When I was married to my first husband (1970-1979) I annoyed his family by pronouncing the family name (which I took when we married and divorced when I divorced him) as it would be in Italy. Of course, no one outside the family could spell it and most of them murdered the name no matter how they pronounced it.

Linn


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Subject: RE: BS: BBC America and names
From: Ebbie
Date: 29 Aug 12 - 02:42 PM

I am reminded of a mispronunciation that was common to an entire generation in American. Notwithstanding our proximity to Mexico and the fact that Mexican Spanish has remained quite stable in its rules, many USAans grew up singing about the "rye oh" Grande. Why was that, I wonder? I think someone must have early on recorded a song with that pronunciation; it is the only thing that would explain it.


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Subject: RE: BS: BBC America and names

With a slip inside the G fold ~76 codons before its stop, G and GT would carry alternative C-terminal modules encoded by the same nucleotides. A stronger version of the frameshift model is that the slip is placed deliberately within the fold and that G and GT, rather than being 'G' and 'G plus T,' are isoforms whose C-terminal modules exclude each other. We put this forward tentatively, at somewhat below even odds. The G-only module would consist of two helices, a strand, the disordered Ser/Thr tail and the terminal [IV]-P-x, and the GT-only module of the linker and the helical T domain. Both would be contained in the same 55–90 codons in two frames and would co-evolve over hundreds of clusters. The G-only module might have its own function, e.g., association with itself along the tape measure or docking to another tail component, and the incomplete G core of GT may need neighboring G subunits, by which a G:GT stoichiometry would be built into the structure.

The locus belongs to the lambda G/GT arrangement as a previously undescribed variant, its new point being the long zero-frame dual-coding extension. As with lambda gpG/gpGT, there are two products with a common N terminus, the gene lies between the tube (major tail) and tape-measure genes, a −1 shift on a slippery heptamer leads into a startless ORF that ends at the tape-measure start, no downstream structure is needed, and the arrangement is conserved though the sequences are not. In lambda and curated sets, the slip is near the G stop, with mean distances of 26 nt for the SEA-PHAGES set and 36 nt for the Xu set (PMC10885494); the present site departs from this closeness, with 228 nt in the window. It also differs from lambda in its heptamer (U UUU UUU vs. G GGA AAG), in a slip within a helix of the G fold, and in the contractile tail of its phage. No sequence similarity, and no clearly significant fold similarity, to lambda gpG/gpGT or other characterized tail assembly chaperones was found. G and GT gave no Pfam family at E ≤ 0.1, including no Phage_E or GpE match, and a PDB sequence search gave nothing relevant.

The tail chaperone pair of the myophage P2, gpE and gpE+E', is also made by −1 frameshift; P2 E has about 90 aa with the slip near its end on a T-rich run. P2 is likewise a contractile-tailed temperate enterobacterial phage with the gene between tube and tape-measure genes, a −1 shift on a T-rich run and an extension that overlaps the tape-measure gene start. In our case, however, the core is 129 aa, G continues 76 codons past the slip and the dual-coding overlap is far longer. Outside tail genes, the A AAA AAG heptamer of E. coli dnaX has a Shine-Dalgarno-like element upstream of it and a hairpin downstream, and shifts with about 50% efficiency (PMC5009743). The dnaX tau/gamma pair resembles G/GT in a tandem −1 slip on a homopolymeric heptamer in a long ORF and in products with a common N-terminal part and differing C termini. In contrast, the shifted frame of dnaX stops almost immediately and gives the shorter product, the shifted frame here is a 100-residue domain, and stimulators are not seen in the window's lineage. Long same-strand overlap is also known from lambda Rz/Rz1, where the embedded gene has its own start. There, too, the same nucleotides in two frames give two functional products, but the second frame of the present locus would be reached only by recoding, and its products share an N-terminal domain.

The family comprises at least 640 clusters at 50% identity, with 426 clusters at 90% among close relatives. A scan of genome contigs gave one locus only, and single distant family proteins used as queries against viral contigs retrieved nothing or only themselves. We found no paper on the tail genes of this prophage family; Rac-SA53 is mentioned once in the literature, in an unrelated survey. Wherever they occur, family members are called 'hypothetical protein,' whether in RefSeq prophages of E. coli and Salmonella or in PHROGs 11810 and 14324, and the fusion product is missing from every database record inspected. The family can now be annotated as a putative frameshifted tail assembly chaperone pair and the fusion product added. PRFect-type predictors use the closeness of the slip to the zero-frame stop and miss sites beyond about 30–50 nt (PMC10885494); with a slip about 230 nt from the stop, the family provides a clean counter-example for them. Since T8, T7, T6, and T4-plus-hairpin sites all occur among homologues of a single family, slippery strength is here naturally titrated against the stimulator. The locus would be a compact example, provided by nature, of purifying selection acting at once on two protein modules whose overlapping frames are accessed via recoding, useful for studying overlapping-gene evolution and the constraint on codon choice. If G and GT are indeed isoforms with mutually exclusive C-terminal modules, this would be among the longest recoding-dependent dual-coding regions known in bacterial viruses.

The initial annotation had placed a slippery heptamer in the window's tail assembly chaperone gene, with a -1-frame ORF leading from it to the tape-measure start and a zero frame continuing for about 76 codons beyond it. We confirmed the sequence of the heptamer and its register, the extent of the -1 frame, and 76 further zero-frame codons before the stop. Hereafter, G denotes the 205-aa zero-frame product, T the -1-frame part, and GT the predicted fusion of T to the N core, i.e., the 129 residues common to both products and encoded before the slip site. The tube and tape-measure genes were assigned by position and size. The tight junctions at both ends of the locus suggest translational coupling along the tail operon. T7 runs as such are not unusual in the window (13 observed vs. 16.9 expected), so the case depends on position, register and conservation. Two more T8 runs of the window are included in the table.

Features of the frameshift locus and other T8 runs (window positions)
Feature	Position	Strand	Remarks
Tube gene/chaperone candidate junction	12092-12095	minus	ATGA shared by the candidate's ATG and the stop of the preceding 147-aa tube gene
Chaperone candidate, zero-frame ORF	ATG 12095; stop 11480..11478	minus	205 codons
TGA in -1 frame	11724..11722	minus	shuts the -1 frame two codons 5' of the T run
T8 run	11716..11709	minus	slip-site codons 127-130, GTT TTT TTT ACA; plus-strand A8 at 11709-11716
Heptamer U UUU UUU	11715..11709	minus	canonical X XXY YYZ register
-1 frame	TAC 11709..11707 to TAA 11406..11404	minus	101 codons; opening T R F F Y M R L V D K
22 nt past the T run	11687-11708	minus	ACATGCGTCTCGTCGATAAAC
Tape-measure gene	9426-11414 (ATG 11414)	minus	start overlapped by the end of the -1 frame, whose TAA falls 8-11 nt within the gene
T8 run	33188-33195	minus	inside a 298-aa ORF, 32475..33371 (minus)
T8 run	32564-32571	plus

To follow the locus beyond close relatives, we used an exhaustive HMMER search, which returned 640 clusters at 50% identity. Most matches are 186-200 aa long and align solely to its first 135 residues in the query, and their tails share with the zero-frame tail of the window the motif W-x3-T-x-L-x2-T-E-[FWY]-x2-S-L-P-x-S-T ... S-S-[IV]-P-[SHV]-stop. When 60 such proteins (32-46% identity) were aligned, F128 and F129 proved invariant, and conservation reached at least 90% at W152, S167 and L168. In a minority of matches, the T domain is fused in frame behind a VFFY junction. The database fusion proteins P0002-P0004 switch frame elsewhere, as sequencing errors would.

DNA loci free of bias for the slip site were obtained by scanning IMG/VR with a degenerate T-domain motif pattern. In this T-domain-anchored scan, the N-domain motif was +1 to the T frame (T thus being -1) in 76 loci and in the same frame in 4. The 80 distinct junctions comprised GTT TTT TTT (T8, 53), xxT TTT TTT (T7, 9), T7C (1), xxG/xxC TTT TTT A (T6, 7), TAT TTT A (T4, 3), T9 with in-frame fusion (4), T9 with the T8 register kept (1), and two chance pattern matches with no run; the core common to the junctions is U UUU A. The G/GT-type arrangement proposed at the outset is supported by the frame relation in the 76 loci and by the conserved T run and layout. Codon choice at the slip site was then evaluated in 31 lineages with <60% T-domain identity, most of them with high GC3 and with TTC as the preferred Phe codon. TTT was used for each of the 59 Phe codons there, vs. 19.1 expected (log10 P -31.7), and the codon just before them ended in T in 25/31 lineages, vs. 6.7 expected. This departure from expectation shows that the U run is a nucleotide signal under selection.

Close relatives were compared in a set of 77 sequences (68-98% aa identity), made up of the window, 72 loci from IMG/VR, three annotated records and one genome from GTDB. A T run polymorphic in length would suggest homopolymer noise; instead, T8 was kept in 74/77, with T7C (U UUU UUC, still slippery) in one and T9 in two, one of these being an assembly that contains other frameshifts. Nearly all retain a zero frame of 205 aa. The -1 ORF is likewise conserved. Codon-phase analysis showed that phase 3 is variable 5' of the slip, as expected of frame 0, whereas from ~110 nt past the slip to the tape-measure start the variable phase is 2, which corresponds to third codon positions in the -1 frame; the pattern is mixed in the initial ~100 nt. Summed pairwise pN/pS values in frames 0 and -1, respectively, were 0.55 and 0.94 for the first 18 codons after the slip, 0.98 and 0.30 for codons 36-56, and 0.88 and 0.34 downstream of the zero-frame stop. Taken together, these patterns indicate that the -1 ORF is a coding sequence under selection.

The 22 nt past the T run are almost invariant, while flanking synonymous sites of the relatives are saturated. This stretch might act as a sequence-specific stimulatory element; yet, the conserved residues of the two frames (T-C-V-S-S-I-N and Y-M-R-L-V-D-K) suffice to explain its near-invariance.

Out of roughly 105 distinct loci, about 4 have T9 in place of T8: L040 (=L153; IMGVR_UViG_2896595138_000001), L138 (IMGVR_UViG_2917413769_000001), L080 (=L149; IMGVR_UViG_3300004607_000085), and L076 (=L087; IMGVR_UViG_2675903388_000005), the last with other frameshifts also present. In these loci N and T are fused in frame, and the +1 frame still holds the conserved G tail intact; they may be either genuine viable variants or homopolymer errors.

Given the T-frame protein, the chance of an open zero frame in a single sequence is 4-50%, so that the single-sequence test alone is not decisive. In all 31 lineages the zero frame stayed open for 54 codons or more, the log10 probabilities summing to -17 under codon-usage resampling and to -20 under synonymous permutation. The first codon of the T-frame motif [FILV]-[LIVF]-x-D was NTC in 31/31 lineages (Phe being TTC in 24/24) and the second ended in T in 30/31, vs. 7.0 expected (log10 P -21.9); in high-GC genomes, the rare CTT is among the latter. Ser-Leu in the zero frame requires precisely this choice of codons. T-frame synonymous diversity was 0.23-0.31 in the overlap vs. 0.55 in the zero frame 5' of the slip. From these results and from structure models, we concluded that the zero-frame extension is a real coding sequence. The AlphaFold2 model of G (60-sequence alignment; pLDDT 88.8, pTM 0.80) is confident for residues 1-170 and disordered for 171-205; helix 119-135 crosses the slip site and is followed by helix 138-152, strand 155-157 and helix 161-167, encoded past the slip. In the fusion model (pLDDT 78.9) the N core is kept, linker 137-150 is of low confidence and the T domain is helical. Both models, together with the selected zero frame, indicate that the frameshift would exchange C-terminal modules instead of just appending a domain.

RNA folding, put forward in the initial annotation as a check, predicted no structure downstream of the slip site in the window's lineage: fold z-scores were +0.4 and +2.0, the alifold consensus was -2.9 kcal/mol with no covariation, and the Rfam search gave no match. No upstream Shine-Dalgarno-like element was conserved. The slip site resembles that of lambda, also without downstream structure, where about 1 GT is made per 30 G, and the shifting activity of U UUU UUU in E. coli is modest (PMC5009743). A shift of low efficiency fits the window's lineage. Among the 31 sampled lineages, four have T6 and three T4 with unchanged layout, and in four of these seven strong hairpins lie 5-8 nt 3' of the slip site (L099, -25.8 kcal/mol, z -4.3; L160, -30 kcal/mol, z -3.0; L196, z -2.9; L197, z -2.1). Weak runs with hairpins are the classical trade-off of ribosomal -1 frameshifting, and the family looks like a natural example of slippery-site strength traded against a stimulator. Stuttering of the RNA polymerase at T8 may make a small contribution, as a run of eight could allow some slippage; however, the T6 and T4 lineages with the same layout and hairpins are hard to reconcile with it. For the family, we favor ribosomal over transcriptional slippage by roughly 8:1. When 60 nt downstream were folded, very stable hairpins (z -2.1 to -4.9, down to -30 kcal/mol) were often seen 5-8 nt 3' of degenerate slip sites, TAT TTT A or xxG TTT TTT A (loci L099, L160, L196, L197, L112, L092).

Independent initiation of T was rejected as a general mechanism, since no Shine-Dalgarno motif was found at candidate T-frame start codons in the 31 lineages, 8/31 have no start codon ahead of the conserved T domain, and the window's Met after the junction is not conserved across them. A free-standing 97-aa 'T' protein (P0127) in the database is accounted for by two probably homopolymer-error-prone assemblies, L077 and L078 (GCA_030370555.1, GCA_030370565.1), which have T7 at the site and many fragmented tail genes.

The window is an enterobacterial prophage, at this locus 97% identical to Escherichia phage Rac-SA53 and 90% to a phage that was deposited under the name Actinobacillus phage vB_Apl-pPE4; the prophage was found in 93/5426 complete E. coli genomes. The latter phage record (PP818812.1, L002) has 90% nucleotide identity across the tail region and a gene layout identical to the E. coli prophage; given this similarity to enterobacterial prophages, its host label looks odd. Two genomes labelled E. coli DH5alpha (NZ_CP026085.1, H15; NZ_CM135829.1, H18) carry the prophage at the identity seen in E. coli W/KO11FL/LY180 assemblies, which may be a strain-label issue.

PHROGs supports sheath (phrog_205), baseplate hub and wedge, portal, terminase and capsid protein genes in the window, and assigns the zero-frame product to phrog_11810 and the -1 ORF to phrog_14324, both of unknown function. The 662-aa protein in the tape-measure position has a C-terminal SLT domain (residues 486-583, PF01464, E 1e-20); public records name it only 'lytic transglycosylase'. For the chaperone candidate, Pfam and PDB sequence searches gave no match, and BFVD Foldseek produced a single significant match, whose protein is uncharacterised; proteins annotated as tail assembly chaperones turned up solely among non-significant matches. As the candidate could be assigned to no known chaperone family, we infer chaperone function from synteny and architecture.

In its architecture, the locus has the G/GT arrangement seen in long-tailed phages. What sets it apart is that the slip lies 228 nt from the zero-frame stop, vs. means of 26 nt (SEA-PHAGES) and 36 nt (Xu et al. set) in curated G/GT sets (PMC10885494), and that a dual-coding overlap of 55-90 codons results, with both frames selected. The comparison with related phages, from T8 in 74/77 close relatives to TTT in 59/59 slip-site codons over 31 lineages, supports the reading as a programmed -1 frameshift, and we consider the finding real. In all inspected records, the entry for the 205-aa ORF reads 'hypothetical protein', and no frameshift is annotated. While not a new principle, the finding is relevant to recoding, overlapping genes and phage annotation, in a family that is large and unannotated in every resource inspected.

From: Jack Campin
Date: 29 Aug 12 - 03:22 PM

Interestingly we are told by many sources that accents in New England are the nearest to Elizabethan British accents.

Urban legend.

For starters, no English-speaking settlement in North America dates to Elizabethan times.


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Subject: RE: BS: BBC America and names
From: GUEST,Lighter
Date: 29 Aug 12 - 03:39 PM

Except Roanoke Island, but that didn't last.

Nobody in the 21st century speaks with a 17th century accent. Some are "closer" in some ways than others - at least to the extent that we can guess as to what some 17th century accents sounded like.

It is said that current Dublin English (upper-class? lower-class? who knows?) sounds more like Shakespearean London English than any other dialect. The limited evidence I've seen suggests that this may be true, but our knowledge of Shakespeare's pronunciation is only well-informed guesswork.

And nobody in the 21st century routinely employs 17th centurty vocabulary.